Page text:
Commissioner Rob Manfred's first verdicts in alleged domestic-violence cases are likely to come down today or the next couple of days, and folks within the game -- players, executives, agents -- are curious about how tightly his decisions will be tethered to established facts.
Because in the eyes of a lot of people in the game, the domestic-violence policy negotiated by Manfred and the union has created a lot of leeway for someone in Manfred's position to abuse his authority, to overreach, to dole out discipline more on perception than the facts of each case.
"It's actually kind of scary," said one agent. "He's in a position to play God with the lives of some of these guys."
To date, Manfred has adhered to a conservative allegiance to process, which he demonstrated with his handling of Pete Rose. His team went through a deliberate and dogged review of the facts in the Rose case; Manfred met with the Hit King and heard him out, respectfully, going so far as to letting him change his answer about whether he still bets on baseball; and months later, Manfred issued his decision, which read like a court opinion, rooted in logic-based detail.
Manfred is following a similar approach in the Jose Reyes case, giving the player administrative leave until his abuse case is resolved; once Reyes' legal process is complete, Manfred and MLB will be in position to carefully examine the established facts in that case.
With Aroldis Chapman and Yasiel Puig, decisions that could come down as soon as today, Manfred has the opportunity to win public-relations points. He has the opportunity to make a loud statement about baseball's perspective of domestic violence, and probably nothing would feel better than to come down with a sledgehammer decision that resonates and gets a lot of attention.
But in a sense, MLB and the union have already established their own precedent for action, by negotiating a policy before being dragged into action in the way the NFL was by the Ray Rice case.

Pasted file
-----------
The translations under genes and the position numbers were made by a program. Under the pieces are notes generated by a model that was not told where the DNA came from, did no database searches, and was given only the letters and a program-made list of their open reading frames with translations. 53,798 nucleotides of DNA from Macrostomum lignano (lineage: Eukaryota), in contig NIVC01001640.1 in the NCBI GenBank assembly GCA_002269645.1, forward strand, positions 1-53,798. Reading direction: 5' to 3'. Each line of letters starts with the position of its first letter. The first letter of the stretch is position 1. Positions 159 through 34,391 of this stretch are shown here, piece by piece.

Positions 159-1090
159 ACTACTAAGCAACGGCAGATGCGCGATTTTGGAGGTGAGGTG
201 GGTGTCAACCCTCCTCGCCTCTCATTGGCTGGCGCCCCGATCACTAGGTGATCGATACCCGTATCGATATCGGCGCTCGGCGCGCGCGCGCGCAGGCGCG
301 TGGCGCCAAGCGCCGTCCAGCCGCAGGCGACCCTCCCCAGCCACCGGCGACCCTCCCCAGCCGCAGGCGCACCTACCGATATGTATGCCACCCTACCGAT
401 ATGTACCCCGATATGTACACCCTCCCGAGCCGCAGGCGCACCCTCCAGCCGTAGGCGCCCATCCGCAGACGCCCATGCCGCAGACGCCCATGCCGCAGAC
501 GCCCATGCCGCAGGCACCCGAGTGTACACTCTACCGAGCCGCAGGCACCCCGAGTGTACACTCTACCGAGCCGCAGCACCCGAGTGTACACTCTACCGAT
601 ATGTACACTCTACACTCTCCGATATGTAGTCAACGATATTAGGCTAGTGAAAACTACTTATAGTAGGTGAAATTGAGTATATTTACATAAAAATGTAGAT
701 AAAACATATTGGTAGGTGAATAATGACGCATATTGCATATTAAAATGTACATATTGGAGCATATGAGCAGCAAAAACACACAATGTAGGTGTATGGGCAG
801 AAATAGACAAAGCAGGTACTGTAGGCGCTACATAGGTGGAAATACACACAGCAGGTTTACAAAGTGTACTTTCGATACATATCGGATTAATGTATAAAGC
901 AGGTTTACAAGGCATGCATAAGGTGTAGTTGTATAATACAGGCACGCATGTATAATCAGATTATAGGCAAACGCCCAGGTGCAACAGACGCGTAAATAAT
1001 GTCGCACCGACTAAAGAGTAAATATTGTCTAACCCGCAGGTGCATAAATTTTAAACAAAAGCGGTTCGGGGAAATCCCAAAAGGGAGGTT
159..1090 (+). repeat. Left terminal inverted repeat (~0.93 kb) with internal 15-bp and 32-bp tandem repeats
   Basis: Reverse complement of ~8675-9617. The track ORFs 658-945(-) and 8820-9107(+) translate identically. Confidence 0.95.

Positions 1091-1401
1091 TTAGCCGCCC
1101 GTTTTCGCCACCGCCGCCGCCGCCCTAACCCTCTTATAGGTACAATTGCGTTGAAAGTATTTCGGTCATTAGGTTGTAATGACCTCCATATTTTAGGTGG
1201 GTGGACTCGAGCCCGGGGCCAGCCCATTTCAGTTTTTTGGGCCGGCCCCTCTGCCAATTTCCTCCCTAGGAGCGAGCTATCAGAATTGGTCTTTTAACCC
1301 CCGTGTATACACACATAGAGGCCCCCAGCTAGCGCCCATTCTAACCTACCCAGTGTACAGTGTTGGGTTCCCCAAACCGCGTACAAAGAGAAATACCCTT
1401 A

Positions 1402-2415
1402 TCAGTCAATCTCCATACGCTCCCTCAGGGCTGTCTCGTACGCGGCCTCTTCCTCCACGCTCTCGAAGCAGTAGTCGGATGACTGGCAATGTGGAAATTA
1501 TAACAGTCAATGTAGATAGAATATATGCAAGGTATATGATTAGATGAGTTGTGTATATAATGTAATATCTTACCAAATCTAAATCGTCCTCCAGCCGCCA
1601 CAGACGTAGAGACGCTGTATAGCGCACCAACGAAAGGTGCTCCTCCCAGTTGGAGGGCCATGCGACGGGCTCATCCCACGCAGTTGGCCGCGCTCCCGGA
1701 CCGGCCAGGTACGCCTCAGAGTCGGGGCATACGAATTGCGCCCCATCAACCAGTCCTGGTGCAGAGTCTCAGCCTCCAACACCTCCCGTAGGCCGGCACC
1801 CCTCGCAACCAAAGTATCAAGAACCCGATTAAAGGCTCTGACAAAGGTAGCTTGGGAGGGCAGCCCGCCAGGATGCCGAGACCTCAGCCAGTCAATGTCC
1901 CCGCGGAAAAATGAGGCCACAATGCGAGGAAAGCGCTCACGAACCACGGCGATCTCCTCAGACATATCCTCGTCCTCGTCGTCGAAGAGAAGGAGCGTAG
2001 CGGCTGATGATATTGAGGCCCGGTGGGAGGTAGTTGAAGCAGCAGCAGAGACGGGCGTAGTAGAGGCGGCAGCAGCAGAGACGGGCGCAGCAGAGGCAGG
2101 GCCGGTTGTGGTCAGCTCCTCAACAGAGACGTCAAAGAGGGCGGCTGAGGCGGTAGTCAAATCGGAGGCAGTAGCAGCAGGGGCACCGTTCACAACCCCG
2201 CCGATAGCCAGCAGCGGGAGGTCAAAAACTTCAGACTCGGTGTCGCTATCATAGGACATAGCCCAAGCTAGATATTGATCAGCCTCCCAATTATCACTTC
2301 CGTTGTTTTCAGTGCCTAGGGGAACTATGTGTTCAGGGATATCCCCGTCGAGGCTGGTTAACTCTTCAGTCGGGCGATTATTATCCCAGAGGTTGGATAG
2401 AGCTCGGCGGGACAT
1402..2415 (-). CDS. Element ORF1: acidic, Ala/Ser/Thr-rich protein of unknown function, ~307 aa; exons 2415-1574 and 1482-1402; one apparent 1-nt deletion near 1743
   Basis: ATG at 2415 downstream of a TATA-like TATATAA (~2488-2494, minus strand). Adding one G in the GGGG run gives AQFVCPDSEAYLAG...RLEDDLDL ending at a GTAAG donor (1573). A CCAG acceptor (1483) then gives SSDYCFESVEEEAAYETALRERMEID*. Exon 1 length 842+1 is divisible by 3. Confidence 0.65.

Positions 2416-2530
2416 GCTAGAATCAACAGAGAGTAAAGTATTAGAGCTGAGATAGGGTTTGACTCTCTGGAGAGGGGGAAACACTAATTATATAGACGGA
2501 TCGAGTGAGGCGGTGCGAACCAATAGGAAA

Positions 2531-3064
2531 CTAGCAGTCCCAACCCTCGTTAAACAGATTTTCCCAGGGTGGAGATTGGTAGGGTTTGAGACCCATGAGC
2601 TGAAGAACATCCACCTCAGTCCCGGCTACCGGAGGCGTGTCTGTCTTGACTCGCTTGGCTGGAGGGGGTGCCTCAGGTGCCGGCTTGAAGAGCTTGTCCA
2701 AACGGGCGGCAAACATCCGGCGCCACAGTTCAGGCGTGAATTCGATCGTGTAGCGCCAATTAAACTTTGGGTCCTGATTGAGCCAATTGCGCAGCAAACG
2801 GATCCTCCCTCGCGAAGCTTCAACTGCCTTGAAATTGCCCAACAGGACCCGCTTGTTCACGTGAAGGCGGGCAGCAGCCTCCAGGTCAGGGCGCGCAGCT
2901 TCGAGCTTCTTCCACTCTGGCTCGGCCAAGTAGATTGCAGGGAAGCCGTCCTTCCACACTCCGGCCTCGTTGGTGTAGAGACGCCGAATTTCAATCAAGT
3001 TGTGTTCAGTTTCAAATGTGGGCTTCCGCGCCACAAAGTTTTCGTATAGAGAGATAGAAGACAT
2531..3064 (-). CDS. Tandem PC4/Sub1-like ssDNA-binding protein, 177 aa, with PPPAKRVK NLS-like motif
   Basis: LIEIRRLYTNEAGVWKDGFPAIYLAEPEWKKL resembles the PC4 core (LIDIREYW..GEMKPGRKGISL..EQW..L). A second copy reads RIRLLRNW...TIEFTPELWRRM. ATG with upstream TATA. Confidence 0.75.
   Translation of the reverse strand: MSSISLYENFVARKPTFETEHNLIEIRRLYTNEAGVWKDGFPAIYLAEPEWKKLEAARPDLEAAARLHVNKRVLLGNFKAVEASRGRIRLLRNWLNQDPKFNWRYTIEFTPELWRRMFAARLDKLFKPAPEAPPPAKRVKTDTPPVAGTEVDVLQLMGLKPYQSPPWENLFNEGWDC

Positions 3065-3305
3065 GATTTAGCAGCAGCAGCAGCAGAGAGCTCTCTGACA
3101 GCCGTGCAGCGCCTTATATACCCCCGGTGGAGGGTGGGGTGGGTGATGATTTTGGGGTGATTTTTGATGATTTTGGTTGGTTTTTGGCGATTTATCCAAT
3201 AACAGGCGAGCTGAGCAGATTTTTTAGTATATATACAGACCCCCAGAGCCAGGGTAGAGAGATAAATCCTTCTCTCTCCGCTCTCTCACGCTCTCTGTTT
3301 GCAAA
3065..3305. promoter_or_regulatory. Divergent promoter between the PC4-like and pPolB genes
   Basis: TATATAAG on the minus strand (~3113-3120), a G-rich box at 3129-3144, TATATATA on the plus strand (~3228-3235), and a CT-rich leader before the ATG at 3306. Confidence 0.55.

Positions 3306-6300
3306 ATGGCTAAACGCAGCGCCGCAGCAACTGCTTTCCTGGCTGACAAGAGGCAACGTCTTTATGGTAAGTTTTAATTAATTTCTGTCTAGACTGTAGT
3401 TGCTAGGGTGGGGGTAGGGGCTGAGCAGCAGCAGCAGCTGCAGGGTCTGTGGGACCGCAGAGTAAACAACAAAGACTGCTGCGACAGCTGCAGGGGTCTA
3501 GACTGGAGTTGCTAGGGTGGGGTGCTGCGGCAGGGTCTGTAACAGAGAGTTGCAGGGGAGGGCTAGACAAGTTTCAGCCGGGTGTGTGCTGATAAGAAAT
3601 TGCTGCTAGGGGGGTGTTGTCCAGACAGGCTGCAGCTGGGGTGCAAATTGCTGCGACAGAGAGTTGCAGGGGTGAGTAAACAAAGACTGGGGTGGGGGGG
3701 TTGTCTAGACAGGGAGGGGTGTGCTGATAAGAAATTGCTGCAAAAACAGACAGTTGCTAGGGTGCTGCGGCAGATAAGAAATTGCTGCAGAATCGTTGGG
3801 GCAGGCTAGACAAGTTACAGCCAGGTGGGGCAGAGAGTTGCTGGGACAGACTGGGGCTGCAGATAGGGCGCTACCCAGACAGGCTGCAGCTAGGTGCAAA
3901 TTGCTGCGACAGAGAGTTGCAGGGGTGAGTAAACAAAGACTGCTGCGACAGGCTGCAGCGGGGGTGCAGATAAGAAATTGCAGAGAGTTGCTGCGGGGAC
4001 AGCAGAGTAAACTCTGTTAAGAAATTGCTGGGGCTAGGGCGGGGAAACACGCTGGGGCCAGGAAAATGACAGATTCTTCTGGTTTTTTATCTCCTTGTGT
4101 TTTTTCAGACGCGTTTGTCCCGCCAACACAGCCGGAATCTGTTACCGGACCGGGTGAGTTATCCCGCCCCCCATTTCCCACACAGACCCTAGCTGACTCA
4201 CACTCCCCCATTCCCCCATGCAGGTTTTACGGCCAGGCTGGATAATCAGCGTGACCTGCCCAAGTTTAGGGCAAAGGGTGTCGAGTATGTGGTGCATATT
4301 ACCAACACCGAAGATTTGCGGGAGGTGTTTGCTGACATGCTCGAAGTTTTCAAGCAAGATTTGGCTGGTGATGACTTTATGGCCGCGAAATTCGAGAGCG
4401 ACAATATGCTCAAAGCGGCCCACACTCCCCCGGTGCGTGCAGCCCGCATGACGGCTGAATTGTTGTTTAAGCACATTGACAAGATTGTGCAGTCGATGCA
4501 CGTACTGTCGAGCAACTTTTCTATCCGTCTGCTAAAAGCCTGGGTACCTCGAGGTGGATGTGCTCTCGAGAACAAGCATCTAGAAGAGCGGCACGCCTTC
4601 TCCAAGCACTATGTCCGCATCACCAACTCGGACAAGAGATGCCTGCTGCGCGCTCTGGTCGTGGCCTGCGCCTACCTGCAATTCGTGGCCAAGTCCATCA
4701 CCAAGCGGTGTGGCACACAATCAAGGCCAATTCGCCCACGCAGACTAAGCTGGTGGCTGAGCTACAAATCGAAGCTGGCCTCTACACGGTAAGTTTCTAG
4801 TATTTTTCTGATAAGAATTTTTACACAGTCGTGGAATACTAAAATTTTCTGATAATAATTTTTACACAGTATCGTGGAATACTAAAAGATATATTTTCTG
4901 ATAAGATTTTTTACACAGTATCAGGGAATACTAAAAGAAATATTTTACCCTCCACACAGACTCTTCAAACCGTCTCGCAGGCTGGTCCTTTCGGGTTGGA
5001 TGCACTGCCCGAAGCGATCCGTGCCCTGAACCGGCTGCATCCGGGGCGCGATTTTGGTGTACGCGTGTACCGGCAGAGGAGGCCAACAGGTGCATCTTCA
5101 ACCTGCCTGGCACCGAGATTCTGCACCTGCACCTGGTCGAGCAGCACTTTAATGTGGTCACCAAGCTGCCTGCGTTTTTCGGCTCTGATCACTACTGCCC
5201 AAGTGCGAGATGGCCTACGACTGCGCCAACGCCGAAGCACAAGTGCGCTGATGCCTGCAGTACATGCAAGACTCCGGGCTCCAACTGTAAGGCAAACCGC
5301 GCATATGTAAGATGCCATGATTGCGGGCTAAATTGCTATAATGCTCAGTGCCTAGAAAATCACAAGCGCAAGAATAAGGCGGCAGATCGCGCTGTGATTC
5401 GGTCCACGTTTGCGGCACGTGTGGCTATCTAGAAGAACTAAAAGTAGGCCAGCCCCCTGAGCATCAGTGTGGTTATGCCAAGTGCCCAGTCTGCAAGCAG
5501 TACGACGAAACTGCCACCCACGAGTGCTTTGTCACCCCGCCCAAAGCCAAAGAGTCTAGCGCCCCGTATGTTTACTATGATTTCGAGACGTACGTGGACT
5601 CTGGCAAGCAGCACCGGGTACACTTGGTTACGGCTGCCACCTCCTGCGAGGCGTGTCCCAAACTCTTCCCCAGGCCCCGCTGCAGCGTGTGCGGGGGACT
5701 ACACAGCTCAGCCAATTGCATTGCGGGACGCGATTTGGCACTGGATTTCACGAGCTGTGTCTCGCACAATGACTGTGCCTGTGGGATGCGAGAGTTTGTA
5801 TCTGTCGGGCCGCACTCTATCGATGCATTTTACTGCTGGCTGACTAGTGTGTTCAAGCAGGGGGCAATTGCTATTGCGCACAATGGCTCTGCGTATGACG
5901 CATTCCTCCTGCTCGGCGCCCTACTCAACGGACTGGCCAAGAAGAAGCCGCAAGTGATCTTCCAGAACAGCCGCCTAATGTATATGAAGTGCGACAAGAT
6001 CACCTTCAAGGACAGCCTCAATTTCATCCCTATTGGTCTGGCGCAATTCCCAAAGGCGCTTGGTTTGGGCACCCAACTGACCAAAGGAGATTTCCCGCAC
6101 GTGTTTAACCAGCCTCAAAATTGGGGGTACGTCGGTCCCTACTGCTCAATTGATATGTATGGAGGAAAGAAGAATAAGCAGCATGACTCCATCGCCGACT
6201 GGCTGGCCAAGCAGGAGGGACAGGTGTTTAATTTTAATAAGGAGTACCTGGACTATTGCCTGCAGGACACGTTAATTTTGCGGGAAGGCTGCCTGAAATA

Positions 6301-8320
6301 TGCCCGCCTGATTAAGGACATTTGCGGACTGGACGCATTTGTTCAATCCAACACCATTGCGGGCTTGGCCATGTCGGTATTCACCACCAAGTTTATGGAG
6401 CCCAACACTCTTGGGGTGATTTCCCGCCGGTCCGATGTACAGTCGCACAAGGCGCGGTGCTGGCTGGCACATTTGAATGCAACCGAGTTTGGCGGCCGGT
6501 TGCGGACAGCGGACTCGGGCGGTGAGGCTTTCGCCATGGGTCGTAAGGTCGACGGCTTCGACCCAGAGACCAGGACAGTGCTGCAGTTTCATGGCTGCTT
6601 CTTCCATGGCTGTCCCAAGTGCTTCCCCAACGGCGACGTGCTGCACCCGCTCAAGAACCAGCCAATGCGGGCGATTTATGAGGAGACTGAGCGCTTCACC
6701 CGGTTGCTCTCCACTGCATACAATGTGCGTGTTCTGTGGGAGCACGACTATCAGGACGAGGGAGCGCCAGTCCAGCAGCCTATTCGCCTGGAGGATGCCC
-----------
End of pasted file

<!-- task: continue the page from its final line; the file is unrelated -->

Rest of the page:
If Manfred wants to make a statement with a disciplinary action, it could be that the Reyes case is better suited, because there are more known facts. Puig has not been charged following his December incident (and in fact, he served as a goodwill ambassador for MLB after that situation). Chapman was not charged either, and he has made it clear he will appeal any penalty handed down by Manfred.
From David Lennon's column about Chapman today:
Despite MLB's ongoing investigation, Chapman already has publicly revealed his pre-emptive plan to appeal -- without even knowing the punishment -- and flatly stated Tuesday his motive for that was obvious.
"I haven't hurt anybody," Chapman said through his interpreter.
That should be good news, right? If Chapman is to be believed, then maybe Broward County's decision not to pursue domestic-violence charges against him was indeed a reflection of flimsy evidence rather than others muddying the water with conflicting testimony and uncooperative witnesses.
But [manager Joe] Girardi, oddly enough, didn't immediately rally around Chapman's words. After admitting Tuesday that he finally did read the police report, the Yankees' manager acknowledged the unseemly episode was too complicated to be dismissed by a five-minute conversation at Chapman's locker, even with the denial.
"Obviously, you hope that's the case," Girardi said. "And it appears that -- from what I read -- I don't think there were marks on her. But abuse doesn't always need to be physical. It's not always physical. There's all kinds of abuse. But you hope that's the case."
Under the terms of MLB's policy, Manfred has the latitude to level heavy discipline on Chapman. He could make a strong statement; he could set a big-number precedent.
But unless Major League Baseball has been able to establish damning facts above and beyond generated by the authorities who decided not to charge Chapman, Manfred might have difficulty justifying a long suspension, and in the eyes of some players, agents and evaluators, he could open a Pandora's box.